Sunday, 27 December 2015

Recently Read #6


It's been ages since I last did one of my recently read posts. With university starting again in September, I've barely had time to read anything other than my course literature, and although that did include a few novels, I just didn't feel like writing reviews for them. However, over the last few weeks I've had a bit more time to read, especially now that it's the Christmas holidays, so I figured it was time for another set of mini reviews.

THE ONE-OF-A-KIND CAT BOOK is a whimsical treat for cat lovers everywhere. Dive into its pages to meet Catalina the narcissistic movie star, Kit the steampunk genius, and Guillaume the macaron chef. Browse through letters, notes, and photos to learn about mystery cats from Svalbard and the Amazon. Follow a detective as he unravels the crimes of "Murder Kitties." The OOAK Cat Book is a grown-up picture book full of modern themes: a shameless search for fame (or infamy), an obsession with true crime, and our constant need for adventure and kawaii cats. The felines here will guide you to places like Paris, Varanasi, Woodstock, and the Great Barrier Reef.

This is unlike anything I would normally read, so when the author contacted me and wondered if I would like to review it, I was excited to do so. I'm much more of a dog person, but I do love cats too. It's such a cute, playful and original book, with really charming and wonderfully colourful pictures. I was very impressed by the range of stories and the imagination of the author. I normally love getting lost in long narratives, but dipping in and out of different short stories, all told in very different and fun ways, was a nice change. It's the perfect book to just read a bit of here and there, a story at a time. I think my favourite part was that about the murder kitties.

The Dispossessed by Ursula Le Guin

Shevek, a brilliant physicist, decides to take action. He will seek answers, question the unquestionable, and attempt to tear down the walls of hatred that have isolated his planet of anarchists from the rest of the civilized universe. To do this dangerous task will mean giving up his family and possibly his life--Shevek must make the unprecedented journey to the utopian mother planet, Urras, to challenge the complex structures of life and living, and ignite the fires of change.

This was actually the last book that I read for my English Literature course, but I decided to include it here because I loved it so much. It's Science-Fiction, but of the social rather than the more technical kind. Rather, it focuses on the clashing of two societies - the capitalist Urras and the anarchist Anarres. Shevek - a scientist from Anarres - goes to Urras to meet with other scientists, and through him we get to see how these two ideologies rely on one another. There are two overlapping narratives to the text - one that begins when Shevek is a child and continues up until he leaves for Urras, and one which begins with him going to Urras and then follows his experiences there. The narrative is really clever because as you learn more about Shevek and his motives, you also learn more about the two worlds. It might sound a bit dry, but it's really so interesting, insightful and captivating. Plus it's beautifully written.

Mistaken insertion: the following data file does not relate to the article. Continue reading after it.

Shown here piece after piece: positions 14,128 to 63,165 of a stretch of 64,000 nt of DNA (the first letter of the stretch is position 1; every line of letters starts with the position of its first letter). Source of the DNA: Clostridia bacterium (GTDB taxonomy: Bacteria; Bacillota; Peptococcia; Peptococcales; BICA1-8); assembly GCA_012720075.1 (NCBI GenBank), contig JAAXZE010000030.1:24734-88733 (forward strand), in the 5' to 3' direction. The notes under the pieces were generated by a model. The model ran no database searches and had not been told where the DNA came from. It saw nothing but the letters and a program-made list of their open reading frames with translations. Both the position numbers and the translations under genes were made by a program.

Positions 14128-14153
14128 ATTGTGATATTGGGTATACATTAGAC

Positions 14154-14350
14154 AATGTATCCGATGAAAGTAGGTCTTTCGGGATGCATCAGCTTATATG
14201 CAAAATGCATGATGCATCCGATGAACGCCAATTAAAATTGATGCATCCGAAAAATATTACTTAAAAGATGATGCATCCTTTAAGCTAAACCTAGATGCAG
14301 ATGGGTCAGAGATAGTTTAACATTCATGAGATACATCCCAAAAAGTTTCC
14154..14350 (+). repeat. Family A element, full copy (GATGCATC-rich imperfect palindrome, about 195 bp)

Yes Please by Amy Poehler

In Amy Poehler’s highly anticipated first book,Yes Please, she offers up a big juicy stew of personal stories, funny bits on sex and love and friendship and parenthood and real life advice (some useful, some not so much), like when to be funny and when to be serious. Powered by Amy’s charming and hilarious, biting yet wise voice, Yes Please is a book full of words to live by.

I'm not normally one for autobiographies, but I'm a big fan of Parks and Rec and I love Amy Poehler, so I thought I would give this one a go, especially since I had heard it was brilliant. To be honest, I was a bit disappointed. It was funny at times and often very clever, but it felt a bit haphazard - like it wasn't thought through. I was left thinking 'was that it?' That said, I do think it is worth a read if you like Amy Poehler, because she really is brilliant and has a lot of smart and funny things to say. It's a book that leaves you feeling quite confident about yourself and about life, but I simply wish it had been a bit more substantial and structured. 

Jonathan Strange & Mr Norrell by Susanna Clarke

At the dawn of the nineteenth century, two very different magicians emerge to change England's history. In the year 1806, with the Napoleonic Wars raging on land and sea, most people believe magic to be long dead in England--until the reclusive Mr Norrell reveals his powers, and becomes a celebrity overnight. Soon, another practicing magician comes forth: the young, handsome, and daring Jonathan Strange. He becomes Norrell's student, and they join forces in the war against France. But Strange is increasingly drawn to the wildest, most perilous forms of magic, straining his partnership with Norrell, and putting at risk everything else he holds dear.

This is a book that I had been meaning to read for a very long time, but just hadn't found the time for. My sister got this book a few months ago and absolutely loved it, so after hearing her raving about it, my desire to read it multiplied tenfold. I read it throughout the revision period and it was a wonderful escape from the responsibilities of uni work. The magic in it is very different from, say, the magic of Harry Potter, but it's brilliant all the same. It's so cleverly written, really witty and full of intriguing characters. And not only is it about magic - my very favourite thing - it is also set in early 19th century England, which is a time that I have a soft spot for. It's a bit of a brick, but I was never ever bored while reading it, as both the plot and the characters are very engaging, and the world just swallows you up.

What have you been reading recently?

Love, Mimmi.